The California Domestic Workers Coalition organizes and advocates for the rights of over 325,000 domestic workers who work as nannies, house cleaners and caregivers for the young, infirm, elderly and disabled people in homes across the state.
"Care work is sacred work. Care workers take care of our most precious people and things,” explains Director Kimberly Alvarenga. And while care work is the fastest growing industry in the country, domestic workers remain one of the most exploited, undervalued and unprotected workers in California.
The California Domestic Worker Coalition is on a mission to change hearts, minds and laws so that our society and economy can begin valuing the work of care and respecting the workers who are predominantly immigrant women of color.
Their vision is simple: Care jobs should be living wage jobs. Domestic workers should have the same benefits and protections that workers in other industries have. Not more, not less.
“Our vision is that women who do this work do not have to fight to be included in basic rights. They have an economic security net. They are able to negotiate, have a contract, and an equal employer-employee relationship where the employer values their work, treats them as professionals, and respects their personal and occupational boundaries," said Alvarenga.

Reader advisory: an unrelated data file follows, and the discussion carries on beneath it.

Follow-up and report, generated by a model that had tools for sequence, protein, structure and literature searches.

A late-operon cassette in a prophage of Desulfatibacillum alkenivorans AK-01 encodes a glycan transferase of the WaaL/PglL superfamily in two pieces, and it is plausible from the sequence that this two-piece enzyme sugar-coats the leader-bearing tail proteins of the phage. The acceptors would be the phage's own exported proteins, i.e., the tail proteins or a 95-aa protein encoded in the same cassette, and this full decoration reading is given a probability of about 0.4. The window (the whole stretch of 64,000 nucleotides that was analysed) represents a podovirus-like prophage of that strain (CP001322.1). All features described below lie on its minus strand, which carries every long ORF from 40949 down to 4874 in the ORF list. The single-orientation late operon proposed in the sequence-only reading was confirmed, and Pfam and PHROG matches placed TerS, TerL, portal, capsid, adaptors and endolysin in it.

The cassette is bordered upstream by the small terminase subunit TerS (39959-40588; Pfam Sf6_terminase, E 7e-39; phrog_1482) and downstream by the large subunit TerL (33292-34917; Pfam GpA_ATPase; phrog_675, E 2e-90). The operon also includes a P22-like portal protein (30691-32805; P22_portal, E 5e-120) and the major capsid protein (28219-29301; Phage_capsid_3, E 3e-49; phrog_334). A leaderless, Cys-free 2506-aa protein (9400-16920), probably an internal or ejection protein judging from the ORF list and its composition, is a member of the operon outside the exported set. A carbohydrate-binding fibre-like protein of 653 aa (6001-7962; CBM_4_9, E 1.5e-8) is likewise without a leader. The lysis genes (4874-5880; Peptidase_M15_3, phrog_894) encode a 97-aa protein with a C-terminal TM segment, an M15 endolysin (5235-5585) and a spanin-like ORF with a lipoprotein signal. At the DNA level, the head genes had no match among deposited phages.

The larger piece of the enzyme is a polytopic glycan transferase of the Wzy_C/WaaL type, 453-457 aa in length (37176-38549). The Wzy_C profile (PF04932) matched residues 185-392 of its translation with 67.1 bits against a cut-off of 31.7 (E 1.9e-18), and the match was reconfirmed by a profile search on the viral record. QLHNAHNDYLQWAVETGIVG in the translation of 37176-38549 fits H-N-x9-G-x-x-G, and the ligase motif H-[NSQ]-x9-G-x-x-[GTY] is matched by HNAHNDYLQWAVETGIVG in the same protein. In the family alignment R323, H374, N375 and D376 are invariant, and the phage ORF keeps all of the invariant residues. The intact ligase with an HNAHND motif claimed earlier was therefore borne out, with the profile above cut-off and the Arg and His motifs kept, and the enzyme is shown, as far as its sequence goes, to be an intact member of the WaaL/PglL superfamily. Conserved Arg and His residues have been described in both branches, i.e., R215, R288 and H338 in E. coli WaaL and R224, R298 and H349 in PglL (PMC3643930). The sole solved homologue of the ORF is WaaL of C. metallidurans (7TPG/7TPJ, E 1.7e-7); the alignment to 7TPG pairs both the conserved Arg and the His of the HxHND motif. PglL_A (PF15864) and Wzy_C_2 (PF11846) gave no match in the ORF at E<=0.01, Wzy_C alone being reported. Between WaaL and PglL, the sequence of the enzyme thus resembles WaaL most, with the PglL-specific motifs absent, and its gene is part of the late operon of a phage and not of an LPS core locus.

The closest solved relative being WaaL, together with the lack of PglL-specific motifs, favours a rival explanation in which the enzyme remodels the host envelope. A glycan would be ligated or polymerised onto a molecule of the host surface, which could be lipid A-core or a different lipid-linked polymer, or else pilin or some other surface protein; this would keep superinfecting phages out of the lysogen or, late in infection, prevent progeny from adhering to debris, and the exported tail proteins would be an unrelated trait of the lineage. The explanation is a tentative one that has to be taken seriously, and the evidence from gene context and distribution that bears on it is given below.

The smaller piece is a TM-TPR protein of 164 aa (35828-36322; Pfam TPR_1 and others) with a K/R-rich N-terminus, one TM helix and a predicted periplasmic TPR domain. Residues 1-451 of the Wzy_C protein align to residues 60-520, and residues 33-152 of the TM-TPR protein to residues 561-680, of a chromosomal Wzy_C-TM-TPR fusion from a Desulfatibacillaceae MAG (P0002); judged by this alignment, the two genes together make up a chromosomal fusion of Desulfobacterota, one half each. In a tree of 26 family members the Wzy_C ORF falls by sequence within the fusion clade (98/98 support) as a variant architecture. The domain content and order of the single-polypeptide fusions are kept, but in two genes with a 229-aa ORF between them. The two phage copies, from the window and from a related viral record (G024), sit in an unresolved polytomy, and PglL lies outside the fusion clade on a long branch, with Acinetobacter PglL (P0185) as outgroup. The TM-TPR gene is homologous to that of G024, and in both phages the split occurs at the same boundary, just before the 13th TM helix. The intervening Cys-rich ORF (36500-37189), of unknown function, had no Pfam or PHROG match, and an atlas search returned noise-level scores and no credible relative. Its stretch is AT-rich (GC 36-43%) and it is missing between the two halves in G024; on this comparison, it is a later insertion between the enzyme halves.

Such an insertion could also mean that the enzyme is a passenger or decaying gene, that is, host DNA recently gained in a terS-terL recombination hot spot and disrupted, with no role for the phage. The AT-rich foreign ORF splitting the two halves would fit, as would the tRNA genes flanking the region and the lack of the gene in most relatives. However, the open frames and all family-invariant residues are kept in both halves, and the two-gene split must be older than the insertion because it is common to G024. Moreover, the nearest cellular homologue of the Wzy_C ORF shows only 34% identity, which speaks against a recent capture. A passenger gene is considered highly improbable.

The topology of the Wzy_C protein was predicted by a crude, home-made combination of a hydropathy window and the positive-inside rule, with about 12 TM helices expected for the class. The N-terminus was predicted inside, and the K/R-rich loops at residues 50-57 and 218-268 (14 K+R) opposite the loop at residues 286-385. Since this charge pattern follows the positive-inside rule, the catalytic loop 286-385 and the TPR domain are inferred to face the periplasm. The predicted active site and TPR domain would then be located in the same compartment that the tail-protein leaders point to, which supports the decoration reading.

“I'm thinking of domestic worker families who would be able to take a day off when their families become ill, have better access to education, have better access to healthcare. In many ways, their whole lives would be changed. That's what we envision, a world where domestic work is valued, is respected.”
While domestic workers do the work that makes all other work possible, they are earning poverty wages. UCLA’s survey of 500 caregivers found the median hourly rate was $14.50, while those paid a flat rate earned a median of $9.17 an hour. In one of the state’s most shocking wage theft cases, Filipino women at a “board and care” chain were making as little as $2.40 an hour.
Undervaluing of this essential work has its origins in slavery and racism. In 1938, domestic workers were written out of the Fair Labor Standards Act, which granted minimum wage and overtime protections to all U.S. workers. Southern lawmakers refused to pass the Act unless two groups were excluded: farmworkers and domestic workers.
“This legacy of exclusion is rooted in this country's legacy of enslavement and racism. When this country was founded, the women who did this work were Black women. So we continue with this legacy. Now it is women of other nationalities—immigrant women from many nationalities—that do this work.”
Today, 95 percent of domestic workers are women and majority of them are women or color and immigrant women. A significant number of them are undocumented. Because this work is almost exclusively done by women and because it’s done in private homes, it is perceived as "help" and not as a real profession. The state has established no labor guidelines for this workforce, and most private individuals who employ them do not see themselves—or act—as employers, which is what they are.